Tamron SP 24-70mm F/2.8 Di VC USD (Model A007), the world's first full-size high-speed standard zoom lens equipped with VC (Vibration Compensation) image stabilization and USD (Ultrasonic Silent Drive), with resolution at the top ofits class.
VC (Vibration Compensation) VC (Vibration Compensation) is Tamron's proprietary image stabilization system. Tamron's VC is a three-coil system, whereby three driving coils activate the shake-compensating VC lens group electromagnetically via three steel balls. The VC lens elements are held in place only by contact with the steel balls, achieving smooth movement with little friction. This provides a stable viewfinder image with excellent tracking performance. And as the VC lens may be moved in parallel using only the motorized control, the mechanical structure hasbeen simplified, enabling the creation of a more compact lens.
New VC system (moving coil method)
Tamron's original VC image stabilization mechanism utilized a moving magnet system whereby a heavy magnet was positio ned near the moving VC lens element. In the new VC unit the positions of the magnet and the coil are reversed, because of this the VC optical lens element is attached to the coil. The new VC mechanism employs a moving coil mechanism with a lightweight coil, and the lighter coil reduces the load on the drive system. Thus, the lighter, more compact new VC unit contributes to the lens's overall light weight and compact size. Because the 24-70 mm F/2.8 Di VC USD is a high-speed zoom lens with maximum aperture of F/2.8, its VC system must drive a lens that is larger and heavier than other zooms. Therefore, the shape, size and layout of the drive coils are all designed to obtain sufficient thrust. The result is a full-size, high-speed zoom that provides the same high level of compensation effect.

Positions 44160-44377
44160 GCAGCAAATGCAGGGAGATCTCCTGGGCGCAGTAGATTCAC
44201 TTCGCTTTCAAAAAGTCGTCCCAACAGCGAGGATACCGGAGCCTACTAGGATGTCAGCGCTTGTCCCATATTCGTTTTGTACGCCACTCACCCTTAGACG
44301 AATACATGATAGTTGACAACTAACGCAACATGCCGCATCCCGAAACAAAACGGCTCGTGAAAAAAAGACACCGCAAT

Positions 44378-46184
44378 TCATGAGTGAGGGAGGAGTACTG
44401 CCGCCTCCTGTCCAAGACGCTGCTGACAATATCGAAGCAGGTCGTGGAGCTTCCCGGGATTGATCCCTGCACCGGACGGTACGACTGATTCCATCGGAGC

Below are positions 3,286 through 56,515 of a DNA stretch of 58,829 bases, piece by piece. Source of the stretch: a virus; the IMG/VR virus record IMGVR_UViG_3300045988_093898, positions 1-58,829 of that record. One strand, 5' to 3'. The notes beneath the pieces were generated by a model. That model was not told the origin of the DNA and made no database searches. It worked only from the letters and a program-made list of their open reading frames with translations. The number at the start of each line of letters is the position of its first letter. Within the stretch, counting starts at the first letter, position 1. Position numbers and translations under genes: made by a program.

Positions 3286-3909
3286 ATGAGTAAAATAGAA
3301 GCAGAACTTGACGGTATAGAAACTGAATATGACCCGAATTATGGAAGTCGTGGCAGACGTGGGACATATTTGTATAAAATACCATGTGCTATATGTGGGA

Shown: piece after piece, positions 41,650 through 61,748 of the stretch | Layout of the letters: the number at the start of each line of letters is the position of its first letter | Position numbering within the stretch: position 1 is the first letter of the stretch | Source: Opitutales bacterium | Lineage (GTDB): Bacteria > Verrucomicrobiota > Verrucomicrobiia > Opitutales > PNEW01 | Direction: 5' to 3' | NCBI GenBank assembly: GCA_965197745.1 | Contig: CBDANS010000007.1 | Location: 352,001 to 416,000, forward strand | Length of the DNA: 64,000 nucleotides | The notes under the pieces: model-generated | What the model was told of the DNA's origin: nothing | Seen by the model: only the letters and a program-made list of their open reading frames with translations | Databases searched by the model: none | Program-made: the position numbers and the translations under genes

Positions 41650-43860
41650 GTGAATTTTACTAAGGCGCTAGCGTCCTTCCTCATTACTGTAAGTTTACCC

About the ultrasonic motor
In the ultrasonic motor, a piezoelectric element arranged in a ring formation generates ultrasonic vibrations in a metallic ring stator, and the vibration energy is used to rotate a metallic ring rotor that is attached to the stator. The rotation energy is in turn transferred from the metallic ring rotor to operate the focus lens.